Western countries scrambled to put airport security measures in place Friday amid mounting fear of the spread of Ebola worldwide.
New measures to screen travellers for the deadly virus were being considered as the United Nations made an urgent appeal for cash after getting merely $100,000 for a crisis fund to tackle the deadly epidemic.
US lawmakers grilled officials over how an infected nurse was allowed to board a crowded flight, and European officials promised a review of how passengers from Ebola-hit countries are screened.
UN Secretary General Ban Ki-moon said the call for donations to a UN trust fund had fallen on deaf ears and left them with “a very serious problem” as experts warn that the death toll from the disease may be about to spiral.
Despite $20 million of pledges, there was only $100,000 in the reserve fund — reportedly donated by Colombia — he told reporters in New York.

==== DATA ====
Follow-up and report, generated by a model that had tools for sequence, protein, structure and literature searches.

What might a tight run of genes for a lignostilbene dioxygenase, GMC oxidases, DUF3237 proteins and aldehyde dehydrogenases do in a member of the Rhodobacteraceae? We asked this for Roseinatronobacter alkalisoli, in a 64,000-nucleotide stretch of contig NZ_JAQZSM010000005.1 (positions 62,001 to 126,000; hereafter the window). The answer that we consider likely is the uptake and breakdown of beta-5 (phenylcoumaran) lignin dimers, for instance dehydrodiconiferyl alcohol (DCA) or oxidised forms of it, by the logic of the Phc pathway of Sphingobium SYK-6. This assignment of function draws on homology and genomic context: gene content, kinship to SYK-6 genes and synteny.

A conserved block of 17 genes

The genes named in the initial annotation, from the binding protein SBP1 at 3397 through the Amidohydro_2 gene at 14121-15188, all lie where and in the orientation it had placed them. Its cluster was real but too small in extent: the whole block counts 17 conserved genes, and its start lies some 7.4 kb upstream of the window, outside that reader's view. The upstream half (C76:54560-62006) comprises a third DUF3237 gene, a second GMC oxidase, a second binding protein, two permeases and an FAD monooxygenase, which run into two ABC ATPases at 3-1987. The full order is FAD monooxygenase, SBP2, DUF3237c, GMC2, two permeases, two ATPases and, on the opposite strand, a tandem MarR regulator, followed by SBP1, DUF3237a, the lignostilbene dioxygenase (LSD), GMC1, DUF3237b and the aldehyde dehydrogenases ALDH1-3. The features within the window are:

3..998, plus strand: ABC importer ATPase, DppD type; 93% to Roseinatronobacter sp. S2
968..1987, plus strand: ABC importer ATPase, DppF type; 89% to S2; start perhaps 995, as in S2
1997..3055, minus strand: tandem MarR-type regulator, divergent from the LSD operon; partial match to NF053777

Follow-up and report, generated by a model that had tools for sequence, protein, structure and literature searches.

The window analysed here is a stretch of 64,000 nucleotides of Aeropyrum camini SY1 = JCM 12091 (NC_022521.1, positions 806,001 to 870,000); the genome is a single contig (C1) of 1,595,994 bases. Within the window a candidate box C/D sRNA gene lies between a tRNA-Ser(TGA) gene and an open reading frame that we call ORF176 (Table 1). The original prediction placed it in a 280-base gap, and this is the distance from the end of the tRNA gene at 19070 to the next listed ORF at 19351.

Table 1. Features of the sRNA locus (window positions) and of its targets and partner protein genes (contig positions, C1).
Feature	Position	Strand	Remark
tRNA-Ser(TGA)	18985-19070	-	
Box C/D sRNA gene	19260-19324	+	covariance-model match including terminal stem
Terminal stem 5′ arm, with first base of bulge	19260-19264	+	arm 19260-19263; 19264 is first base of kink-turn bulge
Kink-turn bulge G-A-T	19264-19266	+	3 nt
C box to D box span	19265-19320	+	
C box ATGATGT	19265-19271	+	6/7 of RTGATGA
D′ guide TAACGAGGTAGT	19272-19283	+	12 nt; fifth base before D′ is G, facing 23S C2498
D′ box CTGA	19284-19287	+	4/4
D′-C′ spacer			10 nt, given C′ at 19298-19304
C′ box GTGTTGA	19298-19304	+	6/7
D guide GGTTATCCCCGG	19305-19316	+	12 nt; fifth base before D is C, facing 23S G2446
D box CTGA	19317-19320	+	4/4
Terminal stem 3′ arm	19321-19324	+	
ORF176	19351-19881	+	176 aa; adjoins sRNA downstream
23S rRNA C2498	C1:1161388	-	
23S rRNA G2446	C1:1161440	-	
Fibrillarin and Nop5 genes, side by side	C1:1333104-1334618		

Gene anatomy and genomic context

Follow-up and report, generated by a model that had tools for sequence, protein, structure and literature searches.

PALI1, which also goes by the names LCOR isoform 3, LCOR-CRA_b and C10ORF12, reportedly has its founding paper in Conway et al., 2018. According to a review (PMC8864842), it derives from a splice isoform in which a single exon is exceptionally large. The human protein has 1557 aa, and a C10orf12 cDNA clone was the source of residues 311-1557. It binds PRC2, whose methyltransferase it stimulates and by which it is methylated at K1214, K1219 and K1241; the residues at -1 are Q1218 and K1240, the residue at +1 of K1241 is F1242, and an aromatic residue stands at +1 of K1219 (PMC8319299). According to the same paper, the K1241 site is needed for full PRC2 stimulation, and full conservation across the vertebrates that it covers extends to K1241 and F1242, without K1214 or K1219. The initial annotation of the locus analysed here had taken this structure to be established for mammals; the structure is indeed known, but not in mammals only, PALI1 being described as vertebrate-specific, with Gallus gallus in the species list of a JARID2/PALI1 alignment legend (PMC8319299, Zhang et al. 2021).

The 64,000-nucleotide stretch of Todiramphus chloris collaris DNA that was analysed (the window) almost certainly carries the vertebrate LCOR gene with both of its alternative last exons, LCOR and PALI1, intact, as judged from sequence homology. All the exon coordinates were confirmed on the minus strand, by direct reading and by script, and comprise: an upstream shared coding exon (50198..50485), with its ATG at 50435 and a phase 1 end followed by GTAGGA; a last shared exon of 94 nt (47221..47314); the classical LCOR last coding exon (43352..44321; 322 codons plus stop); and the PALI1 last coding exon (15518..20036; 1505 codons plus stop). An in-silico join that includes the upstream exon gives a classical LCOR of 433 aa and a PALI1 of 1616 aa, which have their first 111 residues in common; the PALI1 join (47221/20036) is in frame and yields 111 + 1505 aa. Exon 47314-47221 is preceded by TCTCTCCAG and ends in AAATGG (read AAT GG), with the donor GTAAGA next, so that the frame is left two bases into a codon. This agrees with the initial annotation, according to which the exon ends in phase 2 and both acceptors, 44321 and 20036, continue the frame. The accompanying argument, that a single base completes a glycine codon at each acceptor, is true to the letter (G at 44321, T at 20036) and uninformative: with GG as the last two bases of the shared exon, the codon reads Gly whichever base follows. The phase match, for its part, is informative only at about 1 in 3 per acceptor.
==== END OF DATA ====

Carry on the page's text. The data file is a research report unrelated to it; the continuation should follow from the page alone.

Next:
With only a quarter of the UN’s overall $1 billion Ebola target pledged, Ban praised the US, Britain and France, but said other countries need to do their share. “Now it is time for other countries that have capacity... to provide financial support and other logistical support.”
“We need to turn pledges into action. We need more doctors, nurses, equipment, treatment centres and medical evacuation capacities.”
His predecessor Kofi Annan was even more stinging in his criticism of the world’s response, charging that wealthy countries were slow to tackle the crisis because it began in Africa.
“If the crisis had hit some other region it probably would have been handled very differently,” the Ghanaian diplomat told the flagship BBC programme Newsnight.
“In fact when you look at the evolution of the crisis, the international community really woke up when the disease got to America and Europe.” Ban said an increase in donations was crucial, with fears growing of a spread beyond Africa as the death toll nears 4,500. “I appeal to the international community to provide the $1 billion that will enable us to get ahead of the curve and meet our target of reducing the rate of transmission by December 1,” he said.